In The Owners – 840 v Richardson [2015] ACAT 77 Member Daniels determined that awarding legal costs in levy recovery proceedings was contrary to the provisions in the ACT Civil and Administrative Tribunal Act 2008 (ACAT Act). Pursuant to section 48 of the ACAT Act the Tribunal can only award costs in limited circumstances. Since Richardson the situation on whether legal costs can be awarded in levy recovery proceedings has been uncertain.

Due to pressure from ourselves and another legal services provider and to resolve the uncertainty the Tribunal established a Ruling Tribunal to determine the question. The hearing, where we appeared through Counsel on behalf of our Owners Corporation clients, was held on Friday 17 February 2017 before Presidential Member McCarthy, President Neate and Senior Member Fergusson.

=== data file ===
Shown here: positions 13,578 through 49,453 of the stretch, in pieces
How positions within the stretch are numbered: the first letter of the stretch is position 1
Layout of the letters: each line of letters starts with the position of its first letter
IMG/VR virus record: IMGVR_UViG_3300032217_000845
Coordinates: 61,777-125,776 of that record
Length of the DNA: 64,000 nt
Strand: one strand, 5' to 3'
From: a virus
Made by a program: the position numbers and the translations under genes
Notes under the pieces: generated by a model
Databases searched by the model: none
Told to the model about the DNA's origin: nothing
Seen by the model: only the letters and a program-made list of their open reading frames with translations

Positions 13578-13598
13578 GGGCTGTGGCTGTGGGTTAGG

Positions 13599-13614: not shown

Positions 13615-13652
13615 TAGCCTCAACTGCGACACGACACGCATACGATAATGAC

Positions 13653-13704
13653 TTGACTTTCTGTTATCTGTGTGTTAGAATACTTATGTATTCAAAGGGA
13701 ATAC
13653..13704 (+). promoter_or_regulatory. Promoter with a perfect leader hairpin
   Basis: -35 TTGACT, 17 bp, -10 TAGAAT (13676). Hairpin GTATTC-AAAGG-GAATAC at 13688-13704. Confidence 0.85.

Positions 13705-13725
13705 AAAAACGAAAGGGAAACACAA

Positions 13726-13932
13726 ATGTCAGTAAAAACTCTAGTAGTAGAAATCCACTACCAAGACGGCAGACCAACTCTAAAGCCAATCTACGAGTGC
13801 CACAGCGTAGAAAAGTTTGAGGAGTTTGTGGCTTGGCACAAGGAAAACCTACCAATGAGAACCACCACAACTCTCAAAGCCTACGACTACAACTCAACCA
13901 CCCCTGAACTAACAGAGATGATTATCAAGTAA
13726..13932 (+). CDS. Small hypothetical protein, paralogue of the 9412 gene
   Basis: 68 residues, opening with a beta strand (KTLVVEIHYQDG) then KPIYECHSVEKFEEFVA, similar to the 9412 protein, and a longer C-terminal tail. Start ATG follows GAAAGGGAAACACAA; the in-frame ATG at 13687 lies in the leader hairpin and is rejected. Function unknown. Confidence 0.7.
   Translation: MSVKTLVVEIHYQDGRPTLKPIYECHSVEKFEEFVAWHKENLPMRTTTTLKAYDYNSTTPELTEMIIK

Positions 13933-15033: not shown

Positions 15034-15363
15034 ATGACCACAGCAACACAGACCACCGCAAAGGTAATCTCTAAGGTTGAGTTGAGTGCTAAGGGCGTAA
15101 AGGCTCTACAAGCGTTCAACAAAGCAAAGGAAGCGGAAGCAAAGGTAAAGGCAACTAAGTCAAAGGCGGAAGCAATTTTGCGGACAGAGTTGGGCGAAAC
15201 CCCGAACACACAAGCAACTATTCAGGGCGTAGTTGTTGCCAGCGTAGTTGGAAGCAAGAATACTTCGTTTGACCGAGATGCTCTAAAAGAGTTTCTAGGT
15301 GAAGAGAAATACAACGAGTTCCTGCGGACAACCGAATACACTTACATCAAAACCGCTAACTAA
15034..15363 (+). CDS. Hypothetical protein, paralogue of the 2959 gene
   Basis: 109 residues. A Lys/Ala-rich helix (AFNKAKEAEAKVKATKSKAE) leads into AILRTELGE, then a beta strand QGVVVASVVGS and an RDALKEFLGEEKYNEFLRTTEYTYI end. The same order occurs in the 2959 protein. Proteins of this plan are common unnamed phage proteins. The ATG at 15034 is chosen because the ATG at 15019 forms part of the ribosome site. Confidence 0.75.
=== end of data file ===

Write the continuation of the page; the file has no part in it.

At the hearing there were no appearances or submissions from any respondent. The Tribunal directed a series of focused questions to Counsel relating to the Tribunal’s power to award legal costs as an expense pursuant to section 31 of the Unit Titles (Management) Act 2011, when expenses are deemed to be incurred and therefore recoverable and the reasonableness of such expenses

Any questions about recovering strata levies?

Call Kerin Benson Lawyers on 02 6140 3270 or email allison@kerinbensonlawyers.com.au or enquiries@kerinbensonlawyers.com.au

ACT Case note: Recovering costs in levy recovery matters

On 20 November 2015 ACAT heard a levy recovery matter and made a decision that has a significant impact on all strata levy recovery matters commenced in ACAT. The case was The Owners – Units Plan 840 V Richardson (Civil Dispute) [2015] ACAT 77.

What was the case about?